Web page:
With award-winning beaches, Aruba is a top choice for sun-worshippers. But for those who want to make even more of this Dutch Caribbean island's natural playground, there is an abundance of choice.

The island is widely recognised as a top diving and snorkeling destination but there's plenty of action above the surface, too, and if you've ever fancied conquering the waves on a surfboard, Aruba is the place for you!

With steady breezes, Aruba is also recognised as one of the best wind and kite-surf destinations in the Caribbean and whether you are an experienced surfer or an out and out beginner, you can join the action.

The island boasts a number of watersports companies offering lessons for beginners and friendly locals are always happy to pass on tips. Expect to pay in the region of US$95 (approx. £73) for a two and a half hour surf board lesson (based on minimum of two people), while board rental is around $35 (£27) for a full day.

Aruba's beaches can be roughly divided into two categories: idyllic on the island's west side and rugged on the east side. That means you will find beaches that are perfect for those who are learning to surf as well as beaches that will challenge even the professionals. These beaches are also worth a visit for those with no interest in surfing whatsoever. The acrobatic manoeuvres of the surfers in the waves offer impressive entertainment.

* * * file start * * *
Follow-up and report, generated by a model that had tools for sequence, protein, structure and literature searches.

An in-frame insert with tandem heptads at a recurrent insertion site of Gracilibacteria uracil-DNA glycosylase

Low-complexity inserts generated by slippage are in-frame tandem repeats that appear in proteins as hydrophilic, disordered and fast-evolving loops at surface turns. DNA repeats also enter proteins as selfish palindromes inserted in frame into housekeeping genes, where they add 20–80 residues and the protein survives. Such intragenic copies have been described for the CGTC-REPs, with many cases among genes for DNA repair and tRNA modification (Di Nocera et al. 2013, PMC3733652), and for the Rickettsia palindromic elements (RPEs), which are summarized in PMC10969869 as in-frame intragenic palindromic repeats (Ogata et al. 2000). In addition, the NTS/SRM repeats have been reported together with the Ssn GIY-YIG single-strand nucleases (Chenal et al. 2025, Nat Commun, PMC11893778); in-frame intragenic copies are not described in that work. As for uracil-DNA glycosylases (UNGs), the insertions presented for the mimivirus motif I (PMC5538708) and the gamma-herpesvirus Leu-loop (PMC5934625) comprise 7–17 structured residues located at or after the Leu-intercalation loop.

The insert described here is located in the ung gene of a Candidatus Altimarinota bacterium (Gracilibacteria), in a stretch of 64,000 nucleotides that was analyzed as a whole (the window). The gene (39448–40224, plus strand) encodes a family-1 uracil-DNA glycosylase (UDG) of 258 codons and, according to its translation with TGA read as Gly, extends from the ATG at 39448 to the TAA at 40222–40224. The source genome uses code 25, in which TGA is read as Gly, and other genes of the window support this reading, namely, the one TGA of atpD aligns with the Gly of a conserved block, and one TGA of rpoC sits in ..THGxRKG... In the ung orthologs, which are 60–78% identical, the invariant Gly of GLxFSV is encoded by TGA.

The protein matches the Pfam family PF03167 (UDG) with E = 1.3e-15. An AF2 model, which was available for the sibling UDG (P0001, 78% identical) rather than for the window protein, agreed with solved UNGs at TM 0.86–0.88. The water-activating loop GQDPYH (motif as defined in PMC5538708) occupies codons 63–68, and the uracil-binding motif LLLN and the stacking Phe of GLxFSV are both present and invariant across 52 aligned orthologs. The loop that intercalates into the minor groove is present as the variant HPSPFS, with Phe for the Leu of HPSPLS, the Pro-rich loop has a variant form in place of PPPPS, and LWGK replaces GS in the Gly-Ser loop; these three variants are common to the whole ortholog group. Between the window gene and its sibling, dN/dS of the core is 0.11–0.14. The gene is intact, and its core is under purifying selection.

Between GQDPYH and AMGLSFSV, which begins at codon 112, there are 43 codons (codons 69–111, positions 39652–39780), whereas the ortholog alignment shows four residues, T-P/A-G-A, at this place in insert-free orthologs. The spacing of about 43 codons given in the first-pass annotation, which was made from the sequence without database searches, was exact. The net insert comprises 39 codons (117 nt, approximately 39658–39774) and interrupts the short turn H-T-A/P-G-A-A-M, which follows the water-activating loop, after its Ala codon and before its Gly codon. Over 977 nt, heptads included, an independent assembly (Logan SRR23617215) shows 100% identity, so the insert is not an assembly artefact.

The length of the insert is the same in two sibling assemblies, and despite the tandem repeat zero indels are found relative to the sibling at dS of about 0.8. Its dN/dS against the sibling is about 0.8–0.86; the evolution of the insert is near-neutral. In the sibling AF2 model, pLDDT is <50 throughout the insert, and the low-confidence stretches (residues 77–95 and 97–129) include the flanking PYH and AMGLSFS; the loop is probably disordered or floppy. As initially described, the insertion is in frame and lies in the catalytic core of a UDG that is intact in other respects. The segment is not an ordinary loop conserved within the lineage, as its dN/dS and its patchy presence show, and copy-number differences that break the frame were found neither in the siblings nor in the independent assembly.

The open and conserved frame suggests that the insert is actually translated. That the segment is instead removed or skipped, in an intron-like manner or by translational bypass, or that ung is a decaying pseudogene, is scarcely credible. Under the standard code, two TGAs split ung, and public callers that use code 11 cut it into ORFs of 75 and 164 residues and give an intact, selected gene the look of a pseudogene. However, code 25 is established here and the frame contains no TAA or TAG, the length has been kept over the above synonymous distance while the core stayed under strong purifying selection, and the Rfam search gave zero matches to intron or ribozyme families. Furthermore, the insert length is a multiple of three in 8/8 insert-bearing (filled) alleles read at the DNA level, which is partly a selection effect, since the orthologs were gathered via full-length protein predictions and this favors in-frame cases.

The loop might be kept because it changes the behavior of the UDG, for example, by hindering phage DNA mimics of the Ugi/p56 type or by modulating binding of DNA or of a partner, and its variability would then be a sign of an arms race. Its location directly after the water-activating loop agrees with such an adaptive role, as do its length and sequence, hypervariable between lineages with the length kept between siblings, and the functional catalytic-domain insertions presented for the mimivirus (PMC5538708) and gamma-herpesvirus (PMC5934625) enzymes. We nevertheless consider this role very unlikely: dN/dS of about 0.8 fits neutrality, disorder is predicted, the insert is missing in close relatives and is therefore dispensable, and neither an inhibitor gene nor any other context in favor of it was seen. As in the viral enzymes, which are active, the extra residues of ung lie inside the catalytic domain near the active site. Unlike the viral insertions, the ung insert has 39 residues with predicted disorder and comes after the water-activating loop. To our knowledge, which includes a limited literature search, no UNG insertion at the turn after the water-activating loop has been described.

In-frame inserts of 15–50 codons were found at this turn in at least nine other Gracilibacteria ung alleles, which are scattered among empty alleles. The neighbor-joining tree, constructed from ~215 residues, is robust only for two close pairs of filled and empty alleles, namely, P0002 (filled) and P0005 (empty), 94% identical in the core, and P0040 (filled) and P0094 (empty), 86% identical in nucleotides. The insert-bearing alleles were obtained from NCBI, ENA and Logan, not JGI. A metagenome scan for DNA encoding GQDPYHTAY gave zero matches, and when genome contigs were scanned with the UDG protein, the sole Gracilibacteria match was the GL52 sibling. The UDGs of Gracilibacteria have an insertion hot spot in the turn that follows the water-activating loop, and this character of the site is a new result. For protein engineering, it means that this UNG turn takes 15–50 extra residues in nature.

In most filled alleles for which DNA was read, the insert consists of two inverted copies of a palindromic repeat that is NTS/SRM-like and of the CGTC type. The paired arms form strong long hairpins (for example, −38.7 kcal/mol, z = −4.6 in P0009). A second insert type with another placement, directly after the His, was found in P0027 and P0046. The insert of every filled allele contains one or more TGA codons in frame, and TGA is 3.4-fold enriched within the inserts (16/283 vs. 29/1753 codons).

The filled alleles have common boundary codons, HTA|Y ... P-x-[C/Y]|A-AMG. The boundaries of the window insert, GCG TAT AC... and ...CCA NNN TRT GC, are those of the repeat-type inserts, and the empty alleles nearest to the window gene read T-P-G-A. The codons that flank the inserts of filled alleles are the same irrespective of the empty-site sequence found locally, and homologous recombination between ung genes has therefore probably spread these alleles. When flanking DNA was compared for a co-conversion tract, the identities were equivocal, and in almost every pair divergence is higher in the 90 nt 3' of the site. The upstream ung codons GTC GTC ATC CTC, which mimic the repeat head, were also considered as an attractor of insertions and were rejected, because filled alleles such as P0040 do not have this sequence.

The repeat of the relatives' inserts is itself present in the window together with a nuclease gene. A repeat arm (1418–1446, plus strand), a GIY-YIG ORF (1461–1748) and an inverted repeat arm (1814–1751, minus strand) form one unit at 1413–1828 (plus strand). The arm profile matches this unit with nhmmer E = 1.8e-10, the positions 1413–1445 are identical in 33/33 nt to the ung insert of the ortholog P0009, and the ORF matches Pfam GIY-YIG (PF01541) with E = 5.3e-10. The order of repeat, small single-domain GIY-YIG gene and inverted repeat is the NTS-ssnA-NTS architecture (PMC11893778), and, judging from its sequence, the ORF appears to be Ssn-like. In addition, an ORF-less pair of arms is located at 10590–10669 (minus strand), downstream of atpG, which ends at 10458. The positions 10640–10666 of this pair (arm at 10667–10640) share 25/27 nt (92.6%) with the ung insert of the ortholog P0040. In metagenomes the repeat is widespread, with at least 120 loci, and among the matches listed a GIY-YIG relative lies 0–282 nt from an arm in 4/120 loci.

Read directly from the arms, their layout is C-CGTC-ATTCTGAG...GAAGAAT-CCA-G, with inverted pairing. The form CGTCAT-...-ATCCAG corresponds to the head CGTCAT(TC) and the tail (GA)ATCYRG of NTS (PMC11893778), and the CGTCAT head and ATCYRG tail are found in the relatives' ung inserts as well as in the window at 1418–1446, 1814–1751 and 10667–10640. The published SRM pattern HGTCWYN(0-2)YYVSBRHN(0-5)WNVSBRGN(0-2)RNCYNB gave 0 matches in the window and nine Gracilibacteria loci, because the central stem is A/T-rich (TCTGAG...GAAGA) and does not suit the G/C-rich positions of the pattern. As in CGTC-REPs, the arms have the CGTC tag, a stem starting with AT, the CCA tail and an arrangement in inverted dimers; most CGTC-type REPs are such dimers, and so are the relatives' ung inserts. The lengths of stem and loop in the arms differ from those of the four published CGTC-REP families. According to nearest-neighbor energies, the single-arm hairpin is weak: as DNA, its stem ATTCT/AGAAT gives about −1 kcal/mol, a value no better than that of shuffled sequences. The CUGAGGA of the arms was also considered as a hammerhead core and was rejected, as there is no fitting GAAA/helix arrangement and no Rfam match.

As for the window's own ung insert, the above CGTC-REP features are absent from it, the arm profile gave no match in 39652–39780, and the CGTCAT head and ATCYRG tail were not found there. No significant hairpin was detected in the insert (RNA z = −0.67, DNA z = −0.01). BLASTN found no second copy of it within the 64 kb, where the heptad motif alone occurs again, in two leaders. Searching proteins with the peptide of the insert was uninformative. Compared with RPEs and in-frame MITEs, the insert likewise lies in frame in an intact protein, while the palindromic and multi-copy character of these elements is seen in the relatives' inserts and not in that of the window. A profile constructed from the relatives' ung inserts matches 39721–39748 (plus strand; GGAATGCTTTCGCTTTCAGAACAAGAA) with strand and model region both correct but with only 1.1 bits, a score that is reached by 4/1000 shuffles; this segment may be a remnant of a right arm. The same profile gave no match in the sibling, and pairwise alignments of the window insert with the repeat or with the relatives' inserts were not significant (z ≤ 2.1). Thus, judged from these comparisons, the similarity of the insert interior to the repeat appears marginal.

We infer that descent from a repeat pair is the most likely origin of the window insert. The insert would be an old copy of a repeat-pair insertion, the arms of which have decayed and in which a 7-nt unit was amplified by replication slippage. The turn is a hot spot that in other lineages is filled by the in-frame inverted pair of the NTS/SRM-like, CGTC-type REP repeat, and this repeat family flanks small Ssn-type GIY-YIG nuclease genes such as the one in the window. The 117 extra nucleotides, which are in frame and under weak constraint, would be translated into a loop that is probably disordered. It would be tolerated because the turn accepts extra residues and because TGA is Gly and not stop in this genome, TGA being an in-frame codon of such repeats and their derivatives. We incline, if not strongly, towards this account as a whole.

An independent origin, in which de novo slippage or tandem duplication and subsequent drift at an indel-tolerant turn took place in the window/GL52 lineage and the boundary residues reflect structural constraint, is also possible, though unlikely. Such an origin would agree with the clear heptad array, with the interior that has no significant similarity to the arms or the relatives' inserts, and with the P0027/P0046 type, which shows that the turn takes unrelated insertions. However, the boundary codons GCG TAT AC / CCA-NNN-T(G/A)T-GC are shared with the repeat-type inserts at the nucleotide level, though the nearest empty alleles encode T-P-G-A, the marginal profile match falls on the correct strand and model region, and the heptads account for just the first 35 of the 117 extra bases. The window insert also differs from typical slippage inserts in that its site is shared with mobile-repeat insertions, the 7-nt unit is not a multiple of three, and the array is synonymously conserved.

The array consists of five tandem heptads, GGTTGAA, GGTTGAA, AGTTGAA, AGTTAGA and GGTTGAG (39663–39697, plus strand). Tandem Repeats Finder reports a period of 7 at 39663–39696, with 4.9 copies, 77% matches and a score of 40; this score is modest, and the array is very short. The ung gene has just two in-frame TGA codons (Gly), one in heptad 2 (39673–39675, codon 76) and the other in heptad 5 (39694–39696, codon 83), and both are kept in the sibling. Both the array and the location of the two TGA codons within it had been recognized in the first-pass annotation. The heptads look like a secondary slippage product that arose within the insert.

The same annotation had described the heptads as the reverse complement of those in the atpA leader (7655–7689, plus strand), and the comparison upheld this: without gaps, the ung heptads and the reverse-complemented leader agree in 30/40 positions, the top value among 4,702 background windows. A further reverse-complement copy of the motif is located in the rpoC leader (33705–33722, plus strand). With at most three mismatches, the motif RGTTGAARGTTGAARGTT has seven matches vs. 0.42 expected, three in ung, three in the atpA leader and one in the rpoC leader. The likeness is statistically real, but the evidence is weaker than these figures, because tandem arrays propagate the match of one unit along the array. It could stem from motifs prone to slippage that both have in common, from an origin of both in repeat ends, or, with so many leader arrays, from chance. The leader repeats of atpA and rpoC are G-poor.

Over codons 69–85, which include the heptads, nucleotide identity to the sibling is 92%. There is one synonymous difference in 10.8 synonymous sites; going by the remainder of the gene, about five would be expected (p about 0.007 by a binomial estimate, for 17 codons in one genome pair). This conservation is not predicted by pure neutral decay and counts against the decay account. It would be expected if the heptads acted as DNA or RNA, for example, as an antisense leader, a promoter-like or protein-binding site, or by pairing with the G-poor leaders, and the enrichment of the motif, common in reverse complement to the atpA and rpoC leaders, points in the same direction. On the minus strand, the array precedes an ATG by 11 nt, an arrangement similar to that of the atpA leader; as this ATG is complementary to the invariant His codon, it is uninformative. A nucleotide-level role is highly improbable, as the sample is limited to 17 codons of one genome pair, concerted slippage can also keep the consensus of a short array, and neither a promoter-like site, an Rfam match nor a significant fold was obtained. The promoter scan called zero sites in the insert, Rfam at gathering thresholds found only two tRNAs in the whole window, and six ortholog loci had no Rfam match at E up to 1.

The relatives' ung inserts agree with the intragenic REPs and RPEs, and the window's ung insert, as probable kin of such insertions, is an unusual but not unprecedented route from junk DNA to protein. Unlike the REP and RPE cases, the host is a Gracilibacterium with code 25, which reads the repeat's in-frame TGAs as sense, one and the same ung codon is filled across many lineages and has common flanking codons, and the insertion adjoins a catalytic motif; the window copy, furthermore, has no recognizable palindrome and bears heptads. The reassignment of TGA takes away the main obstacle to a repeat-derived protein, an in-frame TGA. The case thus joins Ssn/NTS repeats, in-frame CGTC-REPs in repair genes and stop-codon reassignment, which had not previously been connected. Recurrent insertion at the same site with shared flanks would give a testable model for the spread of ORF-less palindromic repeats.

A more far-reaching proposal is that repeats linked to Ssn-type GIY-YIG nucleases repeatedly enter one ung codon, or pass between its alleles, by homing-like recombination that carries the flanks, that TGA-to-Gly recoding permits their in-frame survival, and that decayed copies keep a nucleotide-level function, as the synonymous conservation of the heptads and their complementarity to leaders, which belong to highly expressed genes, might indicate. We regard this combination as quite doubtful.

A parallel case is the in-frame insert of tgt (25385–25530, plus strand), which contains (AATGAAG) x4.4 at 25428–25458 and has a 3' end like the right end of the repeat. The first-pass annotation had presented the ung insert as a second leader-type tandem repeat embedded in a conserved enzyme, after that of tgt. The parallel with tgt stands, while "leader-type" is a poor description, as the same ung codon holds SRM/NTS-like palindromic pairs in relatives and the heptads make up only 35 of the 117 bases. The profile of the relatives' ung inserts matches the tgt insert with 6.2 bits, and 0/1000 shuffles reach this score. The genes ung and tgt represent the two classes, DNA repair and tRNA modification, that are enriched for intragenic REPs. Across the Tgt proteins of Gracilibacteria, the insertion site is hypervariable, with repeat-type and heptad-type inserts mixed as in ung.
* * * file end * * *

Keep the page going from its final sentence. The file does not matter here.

Among the most popular beaches are:

Malmok Beach: The most popular beach for beginners. Here you will find several surf schools and rental facilities. The beach itself is quite narrow but the clear water is shallow for the first 60 metres offshore.

Hadicurari Beach: Also called Fisherman's Huts, this is the surf mecca of Aruba. Every year in June or July, the prestigious Aruba Hi Winds World Challenge takes place here, the largest windsurfing competition in the Caribbean. But during the rest of the year the beach is a popular destination for water sports fans with their colourful sails and kites. The spectators on the beach also enjoy the aerial and water acrobatics of the pro surfers; some jump metres high above the waves.

Boca Grandi: On the most southern tip of Aruba's rugged east coast, this is a great beach for experienced surfers. Swimming is not recommended because of the strong currents and high waves, but skilled surfers will have a great time here. The beautiful beach near Aruba's second city of Saint Nicholas is worth a visit in its own right, if not as a spectator perhaps as a beachcomber - the rugged surf deposits a lot of coral, driftwood, and other small ocean treasures on the beach.